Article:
This site will look much better in a browser that supports web standards, but it is accessible to any browser or Internet device.

Skip to Content

Budget Implementation Bill, 2018, No. 2 - Third Reading

Honourable senators, I too rise today to speak to Bill C-86, the Budget Implementation Act. Before I turn to some other comments, I want to point out that when I came into this chamber, we did have budget implementation acts that went to the very core of budget implementation. Very shortly thereafter, I would see clauses in the implementation act that didn’t seem to fall in with the budget.

We were told they were merely housekeeping sections put in for convenience and efficiency. In other words, when the government found some shortcomings in some bills, not germane to the full body of the bill but ancillary to it in the operations, they would say, “This was the first opportunity and we put it in there.” That seemed to be a satisfying rebuttal and we accepted it.

Slowly, this idea of housekeeping turned into full-scale bills being embedded in the Budget Implementation Act. That’s what Senator Moncion and Senator Lankin have alluded to. I want to add my voice to the fact that it was a little churlish, the thought of one of the press today saying that the bill, in Finance, took 19 minutes to pass when, in fact, we had put it to all of the committees that had some issue they could deal with. It went to the Finance Committee, and we did many hours of debate and study, individually and as a committee. The fact that it was 19 minutes I think is unfair.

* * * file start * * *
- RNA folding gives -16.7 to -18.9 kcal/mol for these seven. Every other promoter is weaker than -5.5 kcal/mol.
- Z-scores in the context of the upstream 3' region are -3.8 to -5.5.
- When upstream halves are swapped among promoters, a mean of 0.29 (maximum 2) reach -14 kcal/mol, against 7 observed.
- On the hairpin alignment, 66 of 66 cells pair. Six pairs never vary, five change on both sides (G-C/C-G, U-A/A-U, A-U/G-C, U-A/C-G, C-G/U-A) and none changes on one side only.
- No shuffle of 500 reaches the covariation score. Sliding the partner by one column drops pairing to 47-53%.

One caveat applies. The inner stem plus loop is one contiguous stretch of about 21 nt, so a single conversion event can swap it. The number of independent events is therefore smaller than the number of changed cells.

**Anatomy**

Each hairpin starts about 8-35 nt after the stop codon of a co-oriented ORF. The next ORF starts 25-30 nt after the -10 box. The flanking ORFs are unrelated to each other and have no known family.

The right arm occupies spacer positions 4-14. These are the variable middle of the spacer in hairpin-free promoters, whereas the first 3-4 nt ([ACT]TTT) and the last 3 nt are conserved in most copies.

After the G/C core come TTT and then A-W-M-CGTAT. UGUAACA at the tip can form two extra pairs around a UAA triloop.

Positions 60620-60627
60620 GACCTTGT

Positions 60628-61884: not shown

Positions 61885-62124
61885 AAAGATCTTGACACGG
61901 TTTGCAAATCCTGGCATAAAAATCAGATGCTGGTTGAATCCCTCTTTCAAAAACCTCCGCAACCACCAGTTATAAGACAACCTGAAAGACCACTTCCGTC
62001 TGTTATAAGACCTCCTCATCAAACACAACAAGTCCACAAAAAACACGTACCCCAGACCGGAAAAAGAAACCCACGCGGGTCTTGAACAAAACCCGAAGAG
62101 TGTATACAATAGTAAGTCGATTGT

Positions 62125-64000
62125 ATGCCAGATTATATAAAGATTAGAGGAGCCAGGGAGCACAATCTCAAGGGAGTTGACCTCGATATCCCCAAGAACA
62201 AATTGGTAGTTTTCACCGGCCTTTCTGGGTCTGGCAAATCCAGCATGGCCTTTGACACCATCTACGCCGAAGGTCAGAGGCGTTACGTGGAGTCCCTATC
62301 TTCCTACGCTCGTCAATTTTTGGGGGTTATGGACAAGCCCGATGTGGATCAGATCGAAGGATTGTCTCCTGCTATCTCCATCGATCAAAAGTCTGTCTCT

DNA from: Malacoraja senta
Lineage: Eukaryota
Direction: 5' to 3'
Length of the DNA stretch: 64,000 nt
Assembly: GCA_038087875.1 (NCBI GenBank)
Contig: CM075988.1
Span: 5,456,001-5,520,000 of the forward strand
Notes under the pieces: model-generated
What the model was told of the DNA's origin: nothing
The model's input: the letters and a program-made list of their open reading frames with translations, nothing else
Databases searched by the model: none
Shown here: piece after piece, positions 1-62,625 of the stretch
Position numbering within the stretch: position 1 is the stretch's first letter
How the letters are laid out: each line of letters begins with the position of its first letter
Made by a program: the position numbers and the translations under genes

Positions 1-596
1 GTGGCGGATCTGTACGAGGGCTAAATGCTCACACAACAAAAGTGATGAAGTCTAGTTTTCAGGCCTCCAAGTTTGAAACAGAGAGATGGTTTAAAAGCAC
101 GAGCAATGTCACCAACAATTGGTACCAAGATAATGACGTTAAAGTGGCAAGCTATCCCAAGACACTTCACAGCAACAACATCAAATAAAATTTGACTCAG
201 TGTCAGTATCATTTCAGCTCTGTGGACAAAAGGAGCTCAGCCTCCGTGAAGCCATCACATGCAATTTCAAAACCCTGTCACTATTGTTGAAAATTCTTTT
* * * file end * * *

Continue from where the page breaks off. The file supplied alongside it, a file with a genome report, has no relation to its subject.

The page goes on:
The point still is, what is really unfair is an omnibus bill. It seems that whether we change governments or not, that appetite for increasing the length of implementation bills needs to be addressed, and perhaps this is the chamber that can put its foot down.

In particular, I want to raise and share a few of my concerns regarding Division 14 of Part 4 and the proposed pay equity act. It is timely that I rise to speak to this issue today, on International Human Rights Day. This year, we mark the seventieth anniversary of the adoption of the UN Universal Declaration of Human Rights. As we celebrate the achievements made to date, we acknowledge that the fight for freedom, equality and universal human rights continues. Achieving pay equity is an important step toward realizing these goals.

Division 14 of Part 4 of Bill C-86 seeks to introduce proactive pay equity legislation. This legislation would require all employers in federally regulated workplaces to develop pay equity plans, and I’m pleased that my colleagues have expanded on those points.

While I support pay equity and the objectives of Division 14, I do not believe that the clauses contained within this division sufficiently address pay equity issues. Moreover, of great concern to me was the government’s decision to embed pay equity legislation within an omnibus budget bill nearly 900 pages long. This concern was raised by witnesses appearing before the Standing Senate Committee on National Finance during our review of the bill.

Allow me to share with you the comments of Mr. Derrick Hynes, President and Chief Executive Officer of the Federally Regulated Employers — Transportation and Communications, more commonly known as FETCO. He said:

This issue of pay equity is a critical one and it was a platform commitment of the government. We spent a lot of time on it. For it to be tucked in the back of a budget bill we found disconcerting. . . . There are changes to the Canada Labour Code also in there that we’re managing at the same time, so I’d say that’s complicated.

Colleagues, legislation addressing significant public policy issues merits thorough parliamentary review and scrutiny. When legislation addressing these issues is inserted in an omnibus bill, it becomes very difficult for parliamentarians to adequately fulfil their duties.